In a sense, accountability to God and to the Islamic heritage is expressed as a complex series of accountabilities to other human beings. Sometimes the balance between accounts is a delicate negotiation, as when different sets of auditors—family, peers, the state—are in conflict, as they were for Muhammad Sulayman, Wafa’i Isma‘il, and Layla al- Shamsi. Layla lamented that parents send their children to her school “because they want their children to grow up as good Muslims,” but sadly, some parents “only stress the interior aspects” of Islam and let their daughters, for example, take off the uniform higab after school.[69] Inner piety without the strength to display proper public behavior is a serious flaw, because although God can monitor inner intentions, God's community cannot. Therefore displays of responsible behavior are vital, and the accountability of young people to their families, to their schools, and to their nation is ceaselessly reiterated in the press. Although youth have been receiving increasingly bad press in recent years, as concerns about their moral degradation and political dangerousness are aired, they are regularly redeemed through annual celebration of their struggle through high school exit exams.

Following Foucault (not to mention the lower-grade textbook that compares God's Day of Judgment with the school examination), we can highlight the sense in which the school imposes “a principle of compulsory visibility” [70] upon its students not only through a forced display of signifying dress and daily discipline, but through “highly ritualized” examinations in which “are combined the ceremony of power and the form of the experiment, the deployment of force and the establishment of truth.” [71] The examination, at the critical point of the final secondary exam, is not, however, a closed and secretive ritual. It is, in some ways, a highly public drama. Every summer newspapers publish analyses and debates about testing policy, and page after page of numerical listings detail the results that qualify for entrance into university. The religious press, for its part, uses the occasion to represent Islamic values as the key to academic accomplishment. Parents of students who excel in the general secondary exam extol the role of the family in the student's success. One father allocated 80 percent of his son's achievement to a supportive home environment and 20 percent to what he learned in school.[72] Pious students attribute high scores to higher powers. Sahar Ahmad Fikry, who scored eighth in the nation in the literature section, told a newspaper that she “performed the prayers, and read what she could of the Qur’an every day before beginning her studying and after finishing it…prayer was for her the only escape, to achieve rest and serenity and self-confidence, and gave her the opportunity to organize her time in relation to her studying.” [73]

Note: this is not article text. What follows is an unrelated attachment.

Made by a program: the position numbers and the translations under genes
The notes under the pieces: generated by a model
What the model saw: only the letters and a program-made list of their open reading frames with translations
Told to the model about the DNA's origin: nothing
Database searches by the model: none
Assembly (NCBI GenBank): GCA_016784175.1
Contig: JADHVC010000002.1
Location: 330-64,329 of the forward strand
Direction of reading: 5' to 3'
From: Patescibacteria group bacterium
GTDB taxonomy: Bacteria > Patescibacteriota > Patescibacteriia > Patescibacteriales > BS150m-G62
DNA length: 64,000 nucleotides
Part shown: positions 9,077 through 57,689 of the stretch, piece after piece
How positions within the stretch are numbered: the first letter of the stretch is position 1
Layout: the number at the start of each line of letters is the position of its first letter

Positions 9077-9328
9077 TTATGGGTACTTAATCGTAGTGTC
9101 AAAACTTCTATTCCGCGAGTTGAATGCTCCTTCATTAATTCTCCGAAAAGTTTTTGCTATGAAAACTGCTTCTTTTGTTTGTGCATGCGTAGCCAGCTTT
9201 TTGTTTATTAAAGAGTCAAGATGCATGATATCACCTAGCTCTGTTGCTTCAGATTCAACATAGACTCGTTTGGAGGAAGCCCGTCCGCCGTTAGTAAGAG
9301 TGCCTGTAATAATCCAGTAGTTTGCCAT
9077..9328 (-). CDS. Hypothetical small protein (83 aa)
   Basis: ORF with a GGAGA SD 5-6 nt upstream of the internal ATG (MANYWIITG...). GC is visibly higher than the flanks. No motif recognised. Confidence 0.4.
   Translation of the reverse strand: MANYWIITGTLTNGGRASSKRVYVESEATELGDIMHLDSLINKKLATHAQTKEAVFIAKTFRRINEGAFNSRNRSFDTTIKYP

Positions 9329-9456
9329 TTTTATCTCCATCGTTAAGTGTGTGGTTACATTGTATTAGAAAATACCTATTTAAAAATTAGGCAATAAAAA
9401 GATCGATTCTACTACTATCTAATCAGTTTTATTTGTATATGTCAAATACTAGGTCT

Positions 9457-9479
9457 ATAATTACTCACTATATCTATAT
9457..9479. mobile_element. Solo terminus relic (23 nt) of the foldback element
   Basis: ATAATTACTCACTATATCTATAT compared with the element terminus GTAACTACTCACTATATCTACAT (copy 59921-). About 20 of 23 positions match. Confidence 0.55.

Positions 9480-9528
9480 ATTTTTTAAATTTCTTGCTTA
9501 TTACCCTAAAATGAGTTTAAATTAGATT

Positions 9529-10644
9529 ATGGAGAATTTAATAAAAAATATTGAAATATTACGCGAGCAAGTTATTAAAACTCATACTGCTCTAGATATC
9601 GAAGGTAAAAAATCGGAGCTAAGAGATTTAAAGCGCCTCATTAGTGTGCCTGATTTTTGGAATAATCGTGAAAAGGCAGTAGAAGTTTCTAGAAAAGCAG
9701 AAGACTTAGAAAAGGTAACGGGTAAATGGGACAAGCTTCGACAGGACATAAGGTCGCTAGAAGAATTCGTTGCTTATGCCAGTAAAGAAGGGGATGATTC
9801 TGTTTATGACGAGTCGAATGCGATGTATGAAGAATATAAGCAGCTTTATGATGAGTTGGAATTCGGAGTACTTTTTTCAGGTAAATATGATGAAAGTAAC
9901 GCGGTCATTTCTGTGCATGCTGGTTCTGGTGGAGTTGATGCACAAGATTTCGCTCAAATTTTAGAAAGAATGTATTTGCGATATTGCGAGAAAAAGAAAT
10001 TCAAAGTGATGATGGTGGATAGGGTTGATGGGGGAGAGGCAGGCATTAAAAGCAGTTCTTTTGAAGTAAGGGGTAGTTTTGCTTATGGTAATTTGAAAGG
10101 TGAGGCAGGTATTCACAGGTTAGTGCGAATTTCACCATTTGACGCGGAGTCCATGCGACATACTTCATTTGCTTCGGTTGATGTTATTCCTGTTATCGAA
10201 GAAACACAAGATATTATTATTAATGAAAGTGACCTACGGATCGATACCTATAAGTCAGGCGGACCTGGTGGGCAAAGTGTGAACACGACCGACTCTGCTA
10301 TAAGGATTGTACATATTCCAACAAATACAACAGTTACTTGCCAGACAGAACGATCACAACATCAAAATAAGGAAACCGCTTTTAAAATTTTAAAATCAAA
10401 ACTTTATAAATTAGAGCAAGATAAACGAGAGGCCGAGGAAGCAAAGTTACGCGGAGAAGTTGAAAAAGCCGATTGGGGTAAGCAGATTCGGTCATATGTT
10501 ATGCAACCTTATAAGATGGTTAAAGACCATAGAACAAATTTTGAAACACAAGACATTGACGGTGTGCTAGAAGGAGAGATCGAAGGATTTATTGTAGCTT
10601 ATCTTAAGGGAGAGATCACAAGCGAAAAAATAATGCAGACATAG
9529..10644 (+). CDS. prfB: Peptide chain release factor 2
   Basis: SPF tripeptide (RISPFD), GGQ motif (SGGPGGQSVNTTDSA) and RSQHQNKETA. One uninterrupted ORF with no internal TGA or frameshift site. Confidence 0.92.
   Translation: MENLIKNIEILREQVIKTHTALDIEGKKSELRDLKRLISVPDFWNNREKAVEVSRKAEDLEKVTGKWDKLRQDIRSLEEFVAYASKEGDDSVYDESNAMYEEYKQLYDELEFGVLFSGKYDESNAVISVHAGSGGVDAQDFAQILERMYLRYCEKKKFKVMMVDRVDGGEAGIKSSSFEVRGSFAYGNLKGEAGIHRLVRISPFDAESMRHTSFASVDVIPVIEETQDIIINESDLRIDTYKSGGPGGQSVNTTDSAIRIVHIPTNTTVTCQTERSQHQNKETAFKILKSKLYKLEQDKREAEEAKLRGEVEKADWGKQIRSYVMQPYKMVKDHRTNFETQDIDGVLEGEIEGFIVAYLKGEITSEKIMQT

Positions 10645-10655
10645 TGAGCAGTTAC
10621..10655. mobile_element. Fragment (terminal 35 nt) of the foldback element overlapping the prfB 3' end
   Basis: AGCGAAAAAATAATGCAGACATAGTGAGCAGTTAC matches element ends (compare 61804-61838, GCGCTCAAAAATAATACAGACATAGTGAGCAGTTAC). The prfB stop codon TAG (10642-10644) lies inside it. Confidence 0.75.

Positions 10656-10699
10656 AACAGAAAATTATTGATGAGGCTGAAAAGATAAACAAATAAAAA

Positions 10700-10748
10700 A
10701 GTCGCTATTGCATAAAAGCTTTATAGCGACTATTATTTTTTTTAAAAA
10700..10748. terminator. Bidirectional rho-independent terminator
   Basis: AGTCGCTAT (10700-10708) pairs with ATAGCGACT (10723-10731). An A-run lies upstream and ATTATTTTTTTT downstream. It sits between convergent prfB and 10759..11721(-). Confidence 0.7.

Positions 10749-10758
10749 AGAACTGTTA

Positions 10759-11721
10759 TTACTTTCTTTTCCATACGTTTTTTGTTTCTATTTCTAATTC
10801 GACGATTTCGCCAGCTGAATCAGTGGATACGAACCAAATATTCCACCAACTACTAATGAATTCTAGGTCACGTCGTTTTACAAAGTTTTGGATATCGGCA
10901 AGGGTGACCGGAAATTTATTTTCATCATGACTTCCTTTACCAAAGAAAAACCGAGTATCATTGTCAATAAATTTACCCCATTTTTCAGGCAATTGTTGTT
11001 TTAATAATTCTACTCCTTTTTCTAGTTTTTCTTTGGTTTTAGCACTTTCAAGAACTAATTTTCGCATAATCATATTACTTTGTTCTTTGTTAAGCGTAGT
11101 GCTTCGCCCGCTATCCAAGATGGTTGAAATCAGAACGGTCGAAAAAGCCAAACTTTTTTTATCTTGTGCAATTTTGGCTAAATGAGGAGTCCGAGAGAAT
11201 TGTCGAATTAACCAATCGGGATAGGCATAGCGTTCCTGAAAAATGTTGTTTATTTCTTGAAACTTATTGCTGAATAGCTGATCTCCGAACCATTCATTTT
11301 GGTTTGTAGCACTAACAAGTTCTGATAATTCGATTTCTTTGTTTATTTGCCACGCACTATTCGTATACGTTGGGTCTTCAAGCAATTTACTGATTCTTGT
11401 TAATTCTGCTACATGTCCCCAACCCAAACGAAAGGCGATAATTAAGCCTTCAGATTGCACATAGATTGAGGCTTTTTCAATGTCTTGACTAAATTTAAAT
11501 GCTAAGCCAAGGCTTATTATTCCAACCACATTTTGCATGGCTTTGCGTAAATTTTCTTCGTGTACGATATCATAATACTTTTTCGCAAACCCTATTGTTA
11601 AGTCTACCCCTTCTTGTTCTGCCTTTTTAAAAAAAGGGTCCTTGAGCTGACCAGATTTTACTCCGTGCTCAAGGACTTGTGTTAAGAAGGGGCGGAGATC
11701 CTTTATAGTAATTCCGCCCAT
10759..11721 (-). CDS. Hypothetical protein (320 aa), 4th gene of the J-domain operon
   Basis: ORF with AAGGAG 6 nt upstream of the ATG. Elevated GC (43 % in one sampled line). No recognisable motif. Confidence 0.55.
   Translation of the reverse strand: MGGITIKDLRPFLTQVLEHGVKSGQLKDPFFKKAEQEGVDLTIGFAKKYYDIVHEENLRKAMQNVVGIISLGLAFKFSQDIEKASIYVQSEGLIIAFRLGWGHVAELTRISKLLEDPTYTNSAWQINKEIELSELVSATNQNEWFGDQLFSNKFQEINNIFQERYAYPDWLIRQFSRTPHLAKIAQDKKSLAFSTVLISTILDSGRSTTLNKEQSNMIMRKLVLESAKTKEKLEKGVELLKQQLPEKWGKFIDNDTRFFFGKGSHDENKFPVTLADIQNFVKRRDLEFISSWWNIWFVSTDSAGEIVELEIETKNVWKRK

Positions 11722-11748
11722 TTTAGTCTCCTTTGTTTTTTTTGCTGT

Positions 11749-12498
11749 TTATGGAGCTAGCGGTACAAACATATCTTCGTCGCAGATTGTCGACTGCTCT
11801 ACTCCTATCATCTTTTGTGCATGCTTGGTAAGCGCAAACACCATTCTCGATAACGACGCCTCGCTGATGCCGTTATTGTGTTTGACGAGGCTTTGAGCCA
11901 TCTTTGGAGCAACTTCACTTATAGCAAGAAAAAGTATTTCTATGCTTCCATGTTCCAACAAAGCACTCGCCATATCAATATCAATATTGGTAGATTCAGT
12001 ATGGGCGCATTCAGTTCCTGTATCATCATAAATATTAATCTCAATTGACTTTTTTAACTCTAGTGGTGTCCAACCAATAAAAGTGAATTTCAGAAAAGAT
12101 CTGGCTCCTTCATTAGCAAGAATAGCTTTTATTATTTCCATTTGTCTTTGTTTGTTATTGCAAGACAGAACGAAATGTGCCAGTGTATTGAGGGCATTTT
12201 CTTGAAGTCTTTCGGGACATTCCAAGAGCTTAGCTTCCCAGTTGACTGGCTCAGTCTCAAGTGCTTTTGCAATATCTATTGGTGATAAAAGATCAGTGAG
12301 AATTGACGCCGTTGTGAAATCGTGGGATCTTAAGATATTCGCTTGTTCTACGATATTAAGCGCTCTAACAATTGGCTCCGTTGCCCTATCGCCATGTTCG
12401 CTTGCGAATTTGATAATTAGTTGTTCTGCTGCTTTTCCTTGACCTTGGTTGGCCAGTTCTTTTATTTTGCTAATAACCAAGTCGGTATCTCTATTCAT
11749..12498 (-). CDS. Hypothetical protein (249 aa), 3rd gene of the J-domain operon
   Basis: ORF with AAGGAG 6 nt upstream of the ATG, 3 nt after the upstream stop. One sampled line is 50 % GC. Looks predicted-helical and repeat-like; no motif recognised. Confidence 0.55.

On 11 June 1989, on the second day of the general secondary examination, almost one-quarter of a million Egyptian students sat for one and a half hours to answer five questions about Islam, questions that would help determine whether or not they would be able to attend university, and which field they could enter. For the first time, “objective” (also known as “American style”) questions were to be used on the examination. As with almost every decision taken by the government, this change was criticized in the opposition press. In the fortnight preceding the examinations, professors of education complained about the new style of question, which they conceded might be appropriate for the sciences or engineering, but which, when applied to religion, would not allow the student “the opportunity to express his views,…to reveal and explain his perspective, and if he had read any other sources or not.” [74]

Reprising the educational discourse of a century before, pundits admitted that while the old method of essay testing might have contributed to “a culture of memory,…of accumulation and retrieval,” the new method, although it would reveal the student's ability to apply scientific methods of thought to theoretical information in the curriculum, would not reveal his “interpretation of values and morals, and the connection of Qur’anic verses and Prophetic sayings to daily life.” [75] (In the end, the only question on the religion section of 1989's general secondary examination that actually included an objective portion was a question about sex: specifically, about the Prophet's advice for cooling the ardor of young celibates.)

Although students didn't find the exam particularly difficult,[76] some of them criticized the religious studies curriculum as weak in general, complaining that the subject, often occupying the last class of the school day, was easily skipped or ignored, and that it would be better taught by “specialized ‘ulama.” [77] For the following academic year, the Ministry of Education, jointly with the Ministry of Religious Endowments, had planned to place “religious visitors” in schools to organize religious meetings and discussions with students.[78] Criticisms of al-Azhar and other official religious institutions for dereliction of duty toward the country's youth—evident in al-Khashab's survey results—have led to public pleas by officials all the way up to the Shaykh of al-Azhar University, that religious scholars listen carefully to the concerns of the young and enter with them into constructive dialogue, so as to avoid the inevitable consequence of defection to alternate sources of inspiration.